Alumni Love Language: Nancy Chong & Jae Staats

Tuesday, February 14, 2023
Phoenix College Alumni Jae Staats and Nancy Chong at Encanto Park Pickleball courts.
PC alumna Nancy Chong on the PC tennis team; Nancy is on the bottom row, far right.
Phoenix College alumni Jae Staats and Nancy Chong at their 1993 graduation from Phoenix College.
Phoenix College alumni Jae Stats and Nancy Chong enjoying Vietnamese food.
Phoenix College alumni Jae Staats and Nancy Chong on Phoenix College's campus, 30 years after their graduation.

En Español. On a recent Sunday afternoon, Nancy Chong and Jae Staats teamed up against another couple on one of the three packed pickleball courts at Encanto Park. Sports enthusiasts, they recruited at least half of the other players on the courts–­Jae notified his Willo neighbors, and Nancy sent out reminder texts to her friends. The moniker Pickleball Mom comes easily to Nancy, the extroverted caretaker, who brings a canvas tote of extra pickleball paddles and a ziploc bag of orange slices, offered to friends and strangers for a between-game pick-me-up.  With two adult daughters­–Natalie and Jackie, respectively pursuing degrees in Pharmacology and Architecture at University of Arizona and Arizona State University–Nancy knows how to be a mom. She’s also an artist and licensed massage therapist with her own practice, Art of Healing.  Jae is a videographer and owner of the production company, BallBoy Productions, and founder of the Almost Famous Film Festival.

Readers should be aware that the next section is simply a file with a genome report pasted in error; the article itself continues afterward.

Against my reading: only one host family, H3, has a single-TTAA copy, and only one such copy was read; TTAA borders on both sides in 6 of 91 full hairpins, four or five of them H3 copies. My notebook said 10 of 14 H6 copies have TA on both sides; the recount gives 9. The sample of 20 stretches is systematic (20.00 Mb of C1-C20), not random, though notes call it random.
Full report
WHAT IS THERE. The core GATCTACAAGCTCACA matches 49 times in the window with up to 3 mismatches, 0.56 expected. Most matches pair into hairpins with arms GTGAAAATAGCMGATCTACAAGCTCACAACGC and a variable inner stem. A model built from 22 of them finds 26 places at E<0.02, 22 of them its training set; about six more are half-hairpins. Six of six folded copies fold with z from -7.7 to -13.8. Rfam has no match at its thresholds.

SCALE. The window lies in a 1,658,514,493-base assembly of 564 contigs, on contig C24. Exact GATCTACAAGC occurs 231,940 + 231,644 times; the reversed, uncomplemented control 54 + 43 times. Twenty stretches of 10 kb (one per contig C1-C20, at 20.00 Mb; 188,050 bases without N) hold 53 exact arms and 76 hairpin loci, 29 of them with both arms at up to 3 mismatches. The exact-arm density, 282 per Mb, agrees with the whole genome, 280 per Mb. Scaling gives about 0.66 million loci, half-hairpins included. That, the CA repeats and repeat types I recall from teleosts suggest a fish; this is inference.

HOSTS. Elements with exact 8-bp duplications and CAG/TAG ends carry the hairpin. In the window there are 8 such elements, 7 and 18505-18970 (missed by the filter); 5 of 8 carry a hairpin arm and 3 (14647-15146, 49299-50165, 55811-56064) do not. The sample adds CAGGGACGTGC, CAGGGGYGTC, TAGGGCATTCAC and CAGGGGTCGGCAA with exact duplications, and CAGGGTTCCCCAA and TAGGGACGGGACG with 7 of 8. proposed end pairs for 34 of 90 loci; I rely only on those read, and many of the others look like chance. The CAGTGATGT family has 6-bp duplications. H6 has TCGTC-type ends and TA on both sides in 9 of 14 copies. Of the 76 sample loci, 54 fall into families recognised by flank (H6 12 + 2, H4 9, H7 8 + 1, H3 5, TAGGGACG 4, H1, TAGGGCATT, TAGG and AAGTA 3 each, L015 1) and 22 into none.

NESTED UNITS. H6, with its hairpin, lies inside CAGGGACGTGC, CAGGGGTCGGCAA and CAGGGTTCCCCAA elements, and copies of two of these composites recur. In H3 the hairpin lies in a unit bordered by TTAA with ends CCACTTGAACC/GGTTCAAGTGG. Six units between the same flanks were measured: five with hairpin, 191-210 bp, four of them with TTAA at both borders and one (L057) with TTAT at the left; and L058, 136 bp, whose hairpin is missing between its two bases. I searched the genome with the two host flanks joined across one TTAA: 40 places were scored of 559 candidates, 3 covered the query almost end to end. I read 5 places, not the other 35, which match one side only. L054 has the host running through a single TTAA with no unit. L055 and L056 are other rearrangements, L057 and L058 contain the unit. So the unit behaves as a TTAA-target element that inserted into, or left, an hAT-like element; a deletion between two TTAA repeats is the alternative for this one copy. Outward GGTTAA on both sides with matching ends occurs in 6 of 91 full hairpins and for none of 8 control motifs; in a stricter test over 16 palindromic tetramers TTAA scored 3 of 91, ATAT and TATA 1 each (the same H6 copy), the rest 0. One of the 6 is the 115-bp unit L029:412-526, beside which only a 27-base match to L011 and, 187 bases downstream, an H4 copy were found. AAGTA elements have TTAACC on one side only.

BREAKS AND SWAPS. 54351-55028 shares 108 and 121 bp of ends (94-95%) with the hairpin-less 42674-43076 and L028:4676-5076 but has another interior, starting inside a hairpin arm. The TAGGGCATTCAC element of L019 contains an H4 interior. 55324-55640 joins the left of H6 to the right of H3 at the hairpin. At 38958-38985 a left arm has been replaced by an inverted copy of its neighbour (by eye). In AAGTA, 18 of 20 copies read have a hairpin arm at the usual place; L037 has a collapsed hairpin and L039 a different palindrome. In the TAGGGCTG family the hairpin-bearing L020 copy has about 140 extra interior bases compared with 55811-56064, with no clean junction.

The PC Connection

Jae and Nancy first met in 1991, in an English 101 class at Phoenix College (PC). Jae was seventeen, having started college early. He took the GED and started taking courses at PC when he was fourteen or fifteen years old. “After my first semester taking twelve credits, I won the Chancellor’s Scholarship, so that was a big deal. I attended a banquet and my final year’s tuition at PC was covered. It was such a positive experience.”

Jae’s smarts and writing skills caught Nancy’s attention. She started her journey at PC on a tennis scholarship and played one year of eligibility but her grades dropped and she had to bring them up before she could play her second year.  At the time of the English 101 class, she was 22 years old and worked at Phoenix Memorial Hospital. “I heard about this kid who kept getting A’s while I was getting C’s and barely passing.” Nancy, the extrovert, asked Jae if she could read his essay. She wanted a sample of what a good paper looks like. “As I’m reading,” she said, “I’m thinking, Oooo, this kid is deep. The story had me choked up.  From then on, I knew he was going to be my friend.”

Friends they were. Jae, who was hooked on the day-time soap opera, The Young and the Restless, scheduled his classes so he could go to the Bear’s Den, then on the lower level of the building, to watch the show.  “Nancy would come down and meet me there,” Jae said. “She thought it was funny.” Nancy was in PC’s Asian Pacific Islander club. “Jae would come to some of our functions on campus, a volleyball game or a potluck of ethnic foods.